2. If the fish correctly chooses the preferred side, immediately close the door between the central chamber and that side to restrict the fish to the preferred side for 1 min, and allow it to be rewarded by interacting with the shoal tank (Figure 1C,F). Score this trial as “C” for “Correct” (rewarded).
      3. If the fish swims through the incorrect door, transfer it back to the central chamber, close both doors, and score the trial as “I” for “incorrect” (non-rewarded).
      4. If the fish does not make a decision within 2 min after the doors are opened, move the fish to the correct side for 1 min, and score the trial as “M” for “marked” (force-rewarded).
      5. When transferring/moving fish back into the starting chamber, gently guide the fish into the central chamber using a fish net as a shepherding tool.
        NOTE: Do not scoop the fish out of the water and replace it into the starting chamber as this could affect the behavioral assay.
      6. Once the fish returns to the central chamber, wait for 1 min before performing the task again. Ensure that each fish performs the task 8 times.
    3. Data acquisition
      1. For each experimental fish, record the time to first decision (or choice latency) and the individual scores (C, I, or M) for each of the 8 acquisition trials (section 3.4.2) in order.
      2. Report the results for these experiments were reported as group averages for each trial on each acquisition day.
      3. Once a fish has completed a trial, categorize it as either a “high performing” fish or a “low performing” fish.
        NOTE: A fish was considered “high performing” if it successful chose the correct side of the tank in at least 6 of the 8 total trials for the day. Any fish that does not meet this criterion is a “low performer”.
      4. Once identified, house high performing and low performing fish separately.
      5. Categorize the fish as “high” or “low” performers on each of the three days of acquisition, after a fish has completed the trials.
        NOTE: At the end of the third day of acquisition, fish remain as either “high” or “low” performers for the duration of the study.
        NOTE: Some fish that were initially in the ‘low performing’ group learn the task on acquisition day 2 or 3. When this happens, the initial ‘low performing’ fish may be moved into the ‘high performing’ group. Do not move the fish between groups in this manner after day 3 (the end of acquisition).

4. Experimental treatment

  1. After the acquisition period, when the fish demonstrate the ability to solve a simple discrimination task between the black and white background, start the treatment regimen for the experimental zebrafish.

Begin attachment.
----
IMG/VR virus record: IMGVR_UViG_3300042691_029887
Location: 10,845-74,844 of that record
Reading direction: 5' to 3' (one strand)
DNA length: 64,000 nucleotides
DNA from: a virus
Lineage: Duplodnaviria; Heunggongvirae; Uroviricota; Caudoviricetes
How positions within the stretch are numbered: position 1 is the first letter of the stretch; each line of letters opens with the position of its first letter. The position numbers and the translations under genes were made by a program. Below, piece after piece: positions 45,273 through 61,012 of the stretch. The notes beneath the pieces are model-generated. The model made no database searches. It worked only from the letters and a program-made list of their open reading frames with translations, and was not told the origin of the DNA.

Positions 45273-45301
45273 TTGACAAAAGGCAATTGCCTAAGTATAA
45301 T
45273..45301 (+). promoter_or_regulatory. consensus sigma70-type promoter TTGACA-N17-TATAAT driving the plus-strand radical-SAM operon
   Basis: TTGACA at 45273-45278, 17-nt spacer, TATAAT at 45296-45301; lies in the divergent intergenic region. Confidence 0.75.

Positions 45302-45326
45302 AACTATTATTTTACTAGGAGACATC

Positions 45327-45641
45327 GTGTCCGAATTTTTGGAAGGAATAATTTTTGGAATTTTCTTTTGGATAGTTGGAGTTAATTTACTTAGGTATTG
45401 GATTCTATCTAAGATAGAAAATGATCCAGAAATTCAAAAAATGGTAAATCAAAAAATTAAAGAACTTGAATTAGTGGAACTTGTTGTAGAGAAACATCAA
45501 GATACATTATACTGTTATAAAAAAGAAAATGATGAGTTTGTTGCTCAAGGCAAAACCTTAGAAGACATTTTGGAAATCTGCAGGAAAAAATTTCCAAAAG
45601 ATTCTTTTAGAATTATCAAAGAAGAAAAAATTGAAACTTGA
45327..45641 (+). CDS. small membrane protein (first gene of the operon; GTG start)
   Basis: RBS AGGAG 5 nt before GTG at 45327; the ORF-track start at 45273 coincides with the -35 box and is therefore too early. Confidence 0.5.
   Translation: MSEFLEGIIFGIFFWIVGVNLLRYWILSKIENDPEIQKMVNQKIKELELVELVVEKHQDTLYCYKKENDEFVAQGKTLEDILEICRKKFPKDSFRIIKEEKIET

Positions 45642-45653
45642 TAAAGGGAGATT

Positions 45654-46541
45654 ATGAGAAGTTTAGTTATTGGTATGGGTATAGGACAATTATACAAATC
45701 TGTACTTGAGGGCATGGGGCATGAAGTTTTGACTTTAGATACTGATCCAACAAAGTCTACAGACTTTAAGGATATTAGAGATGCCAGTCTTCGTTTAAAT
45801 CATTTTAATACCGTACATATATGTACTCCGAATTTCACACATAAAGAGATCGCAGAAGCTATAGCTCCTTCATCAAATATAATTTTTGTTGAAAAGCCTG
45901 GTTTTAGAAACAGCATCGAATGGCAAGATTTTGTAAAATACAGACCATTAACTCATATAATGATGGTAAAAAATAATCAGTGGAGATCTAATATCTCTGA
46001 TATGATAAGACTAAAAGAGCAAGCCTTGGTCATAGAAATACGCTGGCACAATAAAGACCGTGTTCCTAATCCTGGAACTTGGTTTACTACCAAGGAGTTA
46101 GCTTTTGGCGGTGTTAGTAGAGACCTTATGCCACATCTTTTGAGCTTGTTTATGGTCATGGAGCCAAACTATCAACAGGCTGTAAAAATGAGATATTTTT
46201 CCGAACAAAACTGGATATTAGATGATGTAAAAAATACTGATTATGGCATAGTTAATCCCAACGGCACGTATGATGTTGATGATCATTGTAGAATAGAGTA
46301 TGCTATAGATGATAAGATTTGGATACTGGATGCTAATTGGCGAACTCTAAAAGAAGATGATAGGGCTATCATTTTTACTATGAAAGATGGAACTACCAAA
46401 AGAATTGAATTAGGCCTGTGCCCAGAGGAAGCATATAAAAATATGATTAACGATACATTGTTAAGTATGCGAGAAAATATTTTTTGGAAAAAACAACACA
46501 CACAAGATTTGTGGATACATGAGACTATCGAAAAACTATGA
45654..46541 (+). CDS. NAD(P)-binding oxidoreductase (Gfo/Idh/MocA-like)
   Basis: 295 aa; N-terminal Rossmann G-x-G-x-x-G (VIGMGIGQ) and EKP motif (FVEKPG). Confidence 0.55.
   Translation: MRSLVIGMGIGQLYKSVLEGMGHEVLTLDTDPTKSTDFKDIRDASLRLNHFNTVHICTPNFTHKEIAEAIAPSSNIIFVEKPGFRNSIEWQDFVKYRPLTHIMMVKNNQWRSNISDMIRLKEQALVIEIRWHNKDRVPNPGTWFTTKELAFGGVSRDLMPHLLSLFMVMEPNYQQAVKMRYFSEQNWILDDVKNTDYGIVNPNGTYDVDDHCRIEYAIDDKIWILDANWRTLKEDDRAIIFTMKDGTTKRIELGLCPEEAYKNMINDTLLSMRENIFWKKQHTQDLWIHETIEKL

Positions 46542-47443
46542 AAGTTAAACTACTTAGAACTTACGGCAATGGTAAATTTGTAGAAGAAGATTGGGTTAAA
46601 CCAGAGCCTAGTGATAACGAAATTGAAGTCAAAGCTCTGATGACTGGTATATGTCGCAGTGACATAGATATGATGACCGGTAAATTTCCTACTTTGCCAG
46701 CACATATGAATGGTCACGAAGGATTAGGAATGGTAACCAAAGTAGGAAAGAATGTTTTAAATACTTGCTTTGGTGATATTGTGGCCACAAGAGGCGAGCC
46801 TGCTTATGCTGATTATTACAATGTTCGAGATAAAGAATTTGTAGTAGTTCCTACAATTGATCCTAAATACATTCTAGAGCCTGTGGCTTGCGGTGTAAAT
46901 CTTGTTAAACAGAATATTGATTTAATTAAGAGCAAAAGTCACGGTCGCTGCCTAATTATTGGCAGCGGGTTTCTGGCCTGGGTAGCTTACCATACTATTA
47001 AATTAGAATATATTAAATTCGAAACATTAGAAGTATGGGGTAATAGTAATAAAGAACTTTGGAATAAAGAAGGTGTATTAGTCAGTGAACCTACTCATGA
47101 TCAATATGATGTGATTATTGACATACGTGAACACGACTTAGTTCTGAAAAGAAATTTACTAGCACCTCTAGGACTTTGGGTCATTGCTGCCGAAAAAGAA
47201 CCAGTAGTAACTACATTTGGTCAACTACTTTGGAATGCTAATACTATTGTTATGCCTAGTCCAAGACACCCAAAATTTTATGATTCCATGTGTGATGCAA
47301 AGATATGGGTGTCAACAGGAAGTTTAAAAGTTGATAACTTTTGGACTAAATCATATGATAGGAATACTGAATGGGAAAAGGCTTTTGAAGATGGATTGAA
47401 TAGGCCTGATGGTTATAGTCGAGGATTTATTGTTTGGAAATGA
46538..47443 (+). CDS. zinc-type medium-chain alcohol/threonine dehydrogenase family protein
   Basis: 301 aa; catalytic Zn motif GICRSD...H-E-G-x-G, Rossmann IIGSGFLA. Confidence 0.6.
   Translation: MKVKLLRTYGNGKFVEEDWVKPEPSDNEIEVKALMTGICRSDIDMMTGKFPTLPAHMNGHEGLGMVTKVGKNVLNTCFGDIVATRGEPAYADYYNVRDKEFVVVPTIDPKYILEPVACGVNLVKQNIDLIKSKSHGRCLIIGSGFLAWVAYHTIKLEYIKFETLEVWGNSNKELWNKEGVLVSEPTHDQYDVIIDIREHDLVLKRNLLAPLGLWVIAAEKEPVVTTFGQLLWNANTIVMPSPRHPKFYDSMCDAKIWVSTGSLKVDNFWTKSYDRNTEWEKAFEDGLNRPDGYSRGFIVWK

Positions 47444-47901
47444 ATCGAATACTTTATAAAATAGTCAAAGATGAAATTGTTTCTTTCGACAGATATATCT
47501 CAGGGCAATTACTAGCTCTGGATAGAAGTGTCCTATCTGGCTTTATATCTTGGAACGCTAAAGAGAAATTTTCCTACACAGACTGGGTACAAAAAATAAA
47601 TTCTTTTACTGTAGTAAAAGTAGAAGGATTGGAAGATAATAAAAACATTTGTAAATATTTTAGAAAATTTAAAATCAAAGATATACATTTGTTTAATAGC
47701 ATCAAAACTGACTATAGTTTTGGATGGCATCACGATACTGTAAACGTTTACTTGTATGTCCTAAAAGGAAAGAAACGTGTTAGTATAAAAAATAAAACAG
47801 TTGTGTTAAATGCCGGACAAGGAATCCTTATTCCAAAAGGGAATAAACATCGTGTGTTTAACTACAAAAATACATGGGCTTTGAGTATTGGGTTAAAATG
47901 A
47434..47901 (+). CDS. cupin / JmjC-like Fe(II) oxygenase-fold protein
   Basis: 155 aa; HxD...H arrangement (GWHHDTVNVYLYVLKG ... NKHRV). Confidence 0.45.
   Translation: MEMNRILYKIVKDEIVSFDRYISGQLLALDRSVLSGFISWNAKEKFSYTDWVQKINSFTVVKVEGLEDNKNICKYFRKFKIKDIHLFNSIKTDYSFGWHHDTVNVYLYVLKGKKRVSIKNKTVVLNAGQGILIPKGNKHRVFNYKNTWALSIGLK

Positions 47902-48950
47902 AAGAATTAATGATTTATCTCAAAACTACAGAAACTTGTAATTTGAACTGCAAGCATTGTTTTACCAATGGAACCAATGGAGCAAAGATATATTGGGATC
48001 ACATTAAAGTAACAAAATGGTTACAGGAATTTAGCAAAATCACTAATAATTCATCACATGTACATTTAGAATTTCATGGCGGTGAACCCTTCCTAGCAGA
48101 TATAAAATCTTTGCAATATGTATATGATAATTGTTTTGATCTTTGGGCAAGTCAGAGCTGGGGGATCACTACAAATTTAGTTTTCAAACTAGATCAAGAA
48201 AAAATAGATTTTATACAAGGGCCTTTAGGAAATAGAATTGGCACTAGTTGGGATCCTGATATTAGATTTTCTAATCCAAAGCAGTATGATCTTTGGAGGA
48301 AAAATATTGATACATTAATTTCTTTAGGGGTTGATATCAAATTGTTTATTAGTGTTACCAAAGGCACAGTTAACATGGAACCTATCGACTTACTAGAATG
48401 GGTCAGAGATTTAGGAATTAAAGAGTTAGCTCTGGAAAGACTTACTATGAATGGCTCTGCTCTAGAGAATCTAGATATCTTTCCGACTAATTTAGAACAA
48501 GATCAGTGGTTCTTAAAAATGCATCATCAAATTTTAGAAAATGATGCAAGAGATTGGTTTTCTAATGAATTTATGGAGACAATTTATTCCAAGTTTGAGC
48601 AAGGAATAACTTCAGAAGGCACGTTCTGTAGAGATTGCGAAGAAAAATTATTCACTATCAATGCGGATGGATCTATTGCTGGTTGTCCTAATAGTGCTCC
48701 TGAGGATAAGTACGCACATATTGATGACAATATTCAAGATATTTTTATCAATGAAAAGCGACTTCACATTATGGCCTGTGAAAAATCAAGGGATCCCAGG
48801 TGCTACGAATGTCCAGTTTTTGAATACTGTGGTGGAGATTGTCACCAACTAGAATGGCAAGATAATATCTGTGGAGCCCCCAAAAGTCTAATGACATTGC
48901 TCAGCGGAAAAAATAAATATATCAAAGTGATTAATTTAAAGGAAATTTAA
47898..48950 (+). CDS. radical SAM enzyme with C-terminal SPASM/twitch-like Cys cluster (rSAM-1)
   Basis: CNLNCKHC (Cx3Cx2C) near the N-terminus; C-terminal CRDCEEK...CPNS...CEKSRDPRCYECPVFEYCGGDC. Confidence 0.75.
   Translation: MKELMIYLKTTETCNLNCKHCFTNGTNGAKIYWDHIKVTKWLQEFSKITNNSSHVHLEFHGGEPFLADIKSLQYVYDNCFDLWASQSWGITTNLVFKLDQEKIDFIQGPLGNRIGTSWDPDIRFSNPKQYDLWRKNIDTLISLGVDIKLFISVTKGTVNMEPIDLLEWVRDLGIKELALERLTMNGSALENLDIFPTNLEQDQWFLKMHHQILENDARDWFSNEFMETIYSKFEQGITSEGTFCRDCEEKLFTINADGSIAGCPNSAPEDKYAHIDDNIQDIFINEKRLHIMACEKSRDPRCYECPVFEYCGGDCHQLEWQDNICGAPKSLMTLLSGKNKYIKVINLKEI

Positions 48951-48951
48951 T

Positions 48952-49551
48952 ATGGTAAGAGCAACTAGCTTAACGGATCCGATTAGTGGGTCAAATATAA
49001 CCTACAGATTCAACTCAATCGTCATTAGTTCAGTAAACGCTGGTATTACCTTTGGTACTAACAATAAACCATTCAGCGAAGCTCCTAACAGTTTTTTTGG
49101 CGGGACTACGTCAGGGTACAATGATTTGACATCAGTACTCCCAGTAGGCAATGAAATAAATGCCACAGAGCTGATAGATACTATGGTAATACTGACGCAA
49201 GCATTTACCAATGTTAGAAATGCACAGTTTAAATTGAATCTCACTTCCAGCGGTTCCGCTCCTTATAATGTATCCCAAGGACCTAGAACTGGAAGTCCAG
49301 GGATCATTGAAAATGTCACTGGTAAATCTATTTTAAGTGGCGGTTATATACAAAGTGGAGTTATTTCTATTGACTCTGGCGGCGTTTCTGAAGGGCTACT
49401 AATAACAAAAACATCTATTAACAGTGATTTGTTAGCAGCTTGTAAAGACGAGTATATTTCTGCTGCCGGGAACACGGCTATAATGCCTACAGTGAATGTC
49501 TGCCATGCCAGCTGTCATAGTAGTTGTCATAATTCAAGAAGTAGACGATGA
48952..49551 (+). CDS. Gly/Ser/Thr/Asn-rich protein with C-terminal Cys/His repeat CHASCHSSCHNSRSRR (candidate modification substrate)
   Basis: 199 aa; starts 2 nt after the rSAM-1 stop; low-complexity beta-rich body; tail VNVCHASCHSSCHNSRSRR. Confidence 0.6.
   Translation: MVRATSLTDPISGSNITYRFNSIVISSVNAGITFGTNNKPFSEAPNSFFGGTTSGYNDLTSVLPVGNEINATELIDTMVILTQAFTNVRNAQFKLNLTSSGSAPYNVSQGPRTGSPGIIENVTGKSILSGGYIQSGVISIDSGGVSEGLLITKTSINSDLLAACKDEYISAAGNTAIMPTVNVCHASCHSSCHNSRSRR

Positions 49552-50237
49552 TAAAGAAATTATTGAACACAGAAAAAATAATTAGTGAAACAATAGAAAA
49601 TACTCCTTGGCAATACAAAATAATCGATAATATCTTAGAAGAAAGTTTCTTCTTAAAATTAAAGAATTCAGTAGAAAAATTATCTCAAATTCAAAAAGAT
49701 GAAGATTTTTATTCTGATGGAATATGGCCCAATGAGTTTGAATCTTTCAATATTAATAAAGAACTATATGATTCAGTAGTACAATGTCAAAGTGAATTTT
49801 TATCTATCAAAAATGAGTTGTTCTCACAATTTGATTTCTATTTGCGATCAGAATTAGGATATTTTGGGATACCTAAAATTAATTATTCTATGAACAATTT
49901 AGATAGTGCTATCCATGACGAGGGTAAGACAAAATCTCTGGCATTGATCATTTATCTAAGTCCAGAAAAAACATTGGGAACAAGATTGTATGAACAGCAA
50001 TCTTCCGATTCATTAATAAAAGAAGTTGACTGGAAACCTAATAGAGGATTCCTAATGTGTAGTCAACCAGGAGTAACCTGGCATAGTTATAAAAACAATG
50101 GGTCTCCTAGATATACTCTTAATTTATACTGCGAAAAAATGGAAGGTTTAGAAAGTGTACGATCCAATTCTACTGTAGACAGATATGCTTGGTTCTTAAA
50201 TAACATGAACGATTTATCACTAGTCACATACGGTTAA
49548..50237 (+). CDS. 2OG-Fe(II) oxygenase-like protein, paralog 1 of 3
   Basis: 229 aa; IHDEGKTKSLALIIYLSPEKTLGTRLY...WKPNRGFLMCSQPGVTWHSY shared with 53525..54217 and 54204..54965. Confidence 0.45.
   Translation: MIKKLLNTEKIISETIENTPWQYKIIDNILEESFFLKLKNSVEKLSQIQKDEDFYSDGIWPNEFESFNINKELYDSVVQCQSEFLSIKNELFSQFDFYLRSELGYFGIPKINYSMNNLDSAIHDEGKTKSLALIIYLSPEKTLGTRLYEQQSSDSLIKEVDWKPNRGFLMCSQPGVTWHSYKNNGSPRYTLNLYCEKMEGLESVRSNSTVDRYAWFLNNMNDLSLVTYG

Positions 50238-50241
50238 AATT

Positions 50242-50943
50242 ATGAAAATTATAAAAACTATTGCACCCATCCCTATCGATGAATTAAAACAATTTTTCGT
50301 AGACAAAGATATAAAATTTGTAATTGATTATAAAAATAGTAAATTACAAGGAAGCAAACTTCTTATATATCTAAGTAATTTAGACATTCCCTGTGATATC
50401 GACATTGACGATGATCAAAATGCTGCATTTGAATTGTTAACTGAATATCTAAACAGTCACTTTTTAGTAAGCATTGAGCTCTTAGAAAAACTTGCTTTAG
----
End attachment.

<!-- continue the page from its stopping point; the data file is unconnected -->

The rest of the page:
NOTE: To show the applicability of this method, this study shows two experimental designs:
    1. Longitudinal study
      1. Return the experimental fish to their holding tanks for 8 weeks. Maintain the fish in standard tanks with daily water changes, and feed them twice daily.
        NOTE: Do not conduct any behavioral training during these 8 weeks in the holding tanks.
      2. Perform reversal assessment after this period to assess whether the zebrafish can solve the reversal task after 8 weeks without training.
    2. Hyperglycemia: Expose the experimental groups to water (handling stress control), mannitol (1%–3%, osmotic control), or glucose (1%–3%) for 4 or 8 weeks22,23.
      NOTE: Do not conduct any behavioral training during these 4 or 8 weeks.

5. Reversal

NOTE: Following experimental manipulation (as in section 4.2), the fish are tested in the final part of the 3-chamber choice paradigm—reversal. To do this, the rewarded side is reversed (compared to acquisition) such that fish previously rewarded with a shoal on the white side are now rewarded with a shoal on the black side and vice versa. In this way, reversal assesses whether the fish have learned where the reward (shoal) is located, irrespective of the color of the background.

  1. Chamber setup
    1. Attach black felt to the outside of one of the choice chambers and white felt to the outside of the other, making sure that the black and white sides are the same sides as in the acquisition trials (section 3.4).
    2. Submerge the shoal tank in the far back corner of the side that is the opposite of the previously rewarded choice chamber (Figure 1D,G).
      NOTE: In other words, fish previously rewarded on the white side are now rewarded on the black side and vice versa.
    3. Test the fish individually as in section 3.5. Begin by placing a single experimental fish in the starting chamber for a 2-min period, and close off access to the choice compartments.
    4. Simultaneously open both sides of the chamber.
      NOTE: Complete a total of 8 trials each day for three consecutive treatment days.
  2. Denoting the choice response
    1. If the fish correctly chooses the preferred color, immediately close the door to the central chamber for 1 min, allowing the fish to interact with the shoal reward. Score this trial as “C” for “Correct” (rewarded).
    2. If the fish swims through the incorrect door, transfer it back into the central chamber, close both doors, and score this trial as “I” for “incorrect” (non-rewarded).
    3. If the fish does not make a decision within 2 min after the doors are opened, move the fish to the correct side, and score the trial as “M” for “marked” (force-rewarded).
  3. Data acquisition